Fr. Roger J. Landry
Retreat given at Sacred Heart Retreat House
“Renewal at the School of Mary”
November 7-9, 2003
The Immaculate Conception: Prepared to Receive Jesus
Introduction to the Retreat
•On behalf of Almighty God, I welcome you here to this retreat.
•He knew from all eternity you’d be here. He’s been planning to keep his appointment and he’s so happy you’ve kept yours. He knows that some of you had to make some great sacrifices to be here. He’s thrilled you made it.
II. Personal introduction
•Priest of the Diocese of Fall River, stationed in Hyannis, MA at the Parish of St. Francis Xavier.
•After receiving a biology degree from Harvard, I prepared for the priesthood in Maryland, Toronto and for several years at the North American College in Rome. In addition to the normal studies every candidate for the priesthood needs to complete, I had the great joy for two years to study at the John Paul II Institute for the Study of Marriage and Family, where I had the chance to get to know the thought of JP II much better.
•I also had the great joy of being a guide to the tomb of St. Peter and to the various Christian basilicas of the city. I think in many ways the work of a retreat master is like that of a guide to the Holy spots, to point out to you the meaning of some of the things you “see” and to bring you through those sites to the faith that built them and to the Lord for whom they were built.
•Since I’ve returned to the United States, I spent several years working with Portuguese immigrants in the city of Fall River and as a high school chaplain. I’ve also had the chance to do a lot of teaching and adult education, especially on the thought of Pope John Paul II and on bioethics.
III. Purpose of a retreat
•First and foremost, to spend time with God. Jesus used to take his disciples apart with him.
•Mark 6:31 He said to them, “Come away to a deserted place all by yourselves and rest a while.” For many were coming and going, and they had no leisure even to eat. 32 And they went away in the boat to a deserted place by themselves.
•We’ve come apart with Jesus here, so that he can refresh us. “Come to me, all you that are weary and are carrying heavy burdens, and I will give you rest.”
•But there’s a purpose to our time with Jesus. We come to pray.
•Prayer is seeking Jesus, finding him, loving him, and doing his will (out of love for him). It’s a dialogue that opens up the mystery of who God is and the mystery of who we are in God.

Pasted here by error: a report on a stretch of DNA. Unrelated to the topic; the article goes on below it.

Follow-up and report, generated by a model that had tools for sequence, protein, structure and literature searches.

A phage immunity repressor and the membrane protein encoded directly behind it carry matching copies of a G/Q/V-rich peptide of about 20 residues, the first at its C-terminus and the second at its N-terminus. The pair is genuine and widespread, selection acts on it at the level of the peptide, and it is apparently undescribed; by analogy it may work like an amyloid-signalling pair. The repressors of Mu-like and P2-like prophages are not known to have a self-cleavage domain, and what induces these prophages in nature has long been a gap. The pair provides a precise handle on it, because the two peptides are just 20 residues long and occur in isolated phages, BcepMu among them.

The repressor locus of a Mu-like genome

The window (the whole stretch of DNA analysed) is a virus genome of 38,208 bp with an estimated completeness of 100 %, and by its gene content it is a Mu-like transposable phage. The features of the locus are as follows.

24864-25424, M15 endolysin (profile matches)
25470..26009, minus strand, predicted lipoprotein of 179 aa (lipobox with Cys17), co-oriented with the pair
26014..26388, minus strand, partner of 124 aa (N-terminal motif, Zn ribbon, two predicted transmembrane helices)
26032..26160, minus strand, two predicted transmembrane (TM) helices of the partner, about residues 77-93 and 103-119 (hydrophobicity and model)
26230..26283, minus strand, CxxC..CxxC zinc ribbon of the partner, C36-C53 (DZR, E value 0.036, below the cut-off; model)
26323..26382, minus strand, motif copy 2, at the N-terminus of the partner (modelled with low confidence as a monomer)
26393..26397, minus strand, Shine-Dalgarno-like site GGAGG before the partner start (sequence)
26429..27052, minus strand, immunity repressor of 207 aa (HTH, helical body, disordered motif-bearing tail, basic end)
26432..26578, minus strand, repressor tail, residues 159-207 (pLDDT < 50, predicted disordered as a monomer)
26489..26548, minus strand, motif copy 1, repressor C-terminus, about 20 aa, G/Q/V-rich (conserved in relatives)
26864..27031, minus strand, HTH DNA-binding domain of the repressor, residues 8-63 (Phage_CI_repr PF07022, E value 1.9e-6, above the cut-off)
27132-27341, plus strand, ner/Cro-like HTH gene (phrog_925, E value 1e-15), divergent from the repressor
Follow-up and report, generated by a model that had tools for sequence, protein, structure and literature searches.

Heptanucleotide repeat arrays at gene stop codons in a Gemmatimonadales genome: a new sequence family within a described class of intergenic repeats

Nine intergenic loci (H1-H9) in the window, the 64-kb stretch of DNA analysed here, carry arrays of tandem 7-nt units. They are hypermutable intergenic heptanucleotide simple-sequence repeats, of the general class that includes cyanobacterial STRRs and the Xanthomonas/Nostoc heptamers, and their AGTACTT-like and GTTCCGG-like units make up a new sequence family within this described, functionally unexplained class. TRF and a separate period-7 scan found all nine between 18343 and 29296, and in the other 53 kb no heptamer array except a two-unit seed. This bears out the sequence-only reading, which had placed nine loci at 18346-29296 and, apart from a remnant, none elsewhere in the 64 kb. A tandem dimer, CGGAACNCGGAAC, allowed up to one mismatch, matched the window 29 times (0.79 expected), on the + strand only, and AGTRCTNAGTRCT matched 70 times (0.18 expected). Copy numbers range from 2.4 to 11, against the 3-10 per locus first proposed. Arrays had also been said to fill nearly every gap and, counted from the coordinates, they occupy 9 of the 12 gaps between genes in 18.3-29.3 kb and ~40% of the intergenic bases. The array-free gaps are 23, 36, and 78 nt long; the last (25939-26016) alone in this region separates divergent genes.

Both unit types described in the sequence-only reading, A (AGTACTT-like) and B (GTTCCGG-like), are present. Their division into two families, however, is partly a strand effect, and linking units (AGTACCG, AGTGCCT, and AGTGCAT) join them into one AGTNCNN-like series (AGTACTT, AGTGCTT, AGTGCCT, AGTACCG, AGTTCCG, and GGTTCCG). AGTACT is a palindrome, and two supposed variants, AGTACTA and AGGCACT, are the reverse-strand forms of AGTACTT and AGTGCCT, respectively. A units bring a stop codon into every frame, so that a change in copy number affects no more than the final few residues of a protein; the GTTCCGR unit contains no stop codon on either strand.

•Jesus is here and he’s going to give us his undivided attention, to listen to us, to love us, to refresh us, and to speak to us through various whispers.
IV. Theme of this retreat
•Every retreat has a theme, something binding all of the various aspects of the retreat together.
•Here at Alhambra, they have a theme that runs through all of the retreats during the course of the year.
•Last year the theme was prayer. This year, because for the last 12 months we’ve been living in the Church the year of the Holy Rosary, the theme is Mary.
•I’ve entitled the retreat, “Renewal at the School of Mary.”
V. If the purpose of a retreat is to encounter Jesus, why spend a whole weekend reflecting on Mary?
•For very good reasons.
•Because Mary brings Christ to us and brings us to Christ.
◦This is depicted in countless statues. Mary is seen with child, like with the Virgin of Guadalupe, or with Christ in her arms, presenting or handing him to us.
◦She brings us to Christ too, allowing us to understand him better through her own eyes.
•But the more we come to Christ, we realize that Christ brings us to his mother. From the Cross, he gave her to us as our mother, and gave us to her as her sons and daughters.
•Some people recognize this relationship between Christ and Mary very easily and have a long history of Mary’s bringing them to Christ.
•But others may have some doubts about whether it really works. If so, you wouldn’t be the first.
•Pope John Paul II, when he was a young man, had similar difficulties. He writes in one of his autobiographical reflections:
◦“In Debniki, at the time when my priestly vocation was developing, … a change took place in my understanding of devotion to the Mother of God. I was already convinced that Mary leads us to Christ, but at that time I began to realize also that Christ leads us to his Mother. At one point, I began to question my devotion to Mary, believing that, if it became too great, it might end up compromising the supremacy of the worship owed to Christ. At that time, I was greatly helped by a book by St. Louis Marie Grignion de Montfort entitled Treatise of True Devotion to the Blessed Virgin. There I found answers to my questions. Yes, Mary does bring us closer to Christ; she does lead us to him, provided that we live her mystery in Christ.” (JP II)
•Mary leads us to Christ, provided that we live her mystery in Christ. That’s what we’re going to trying to do over the course of this retreat. To live with her the mystery of Christ.
•Pope John Paul II, in his beautiful letter on the Rosary, invited us to enter into the “school of Mary,” so that she can teach us how to contemplate her Son’s face.
•Among creatures, no one knows Christ better than Mary nor can introduce us to his mystery better than she. We’re going to enter the classroom of her heart, with the windows of her eyes, to behold her Son. We’ll live the mystery of Christ with her, stopping with her to penetrate more deeply:
◦Her Immaculate Conception
◦The various episodes in which Mary treasured the events of Christ in her heart.
◦The wedding feast of Cana
◦The crucifixion of her Son, when she stood at the foot of the Cross.
◦Pentecost, when the apostles huddled around her waiting for the outpouring of the Holy Spirit
◦And her Assumption and Coronation in that place where she waits for us.
•It’s going to be quite a journey.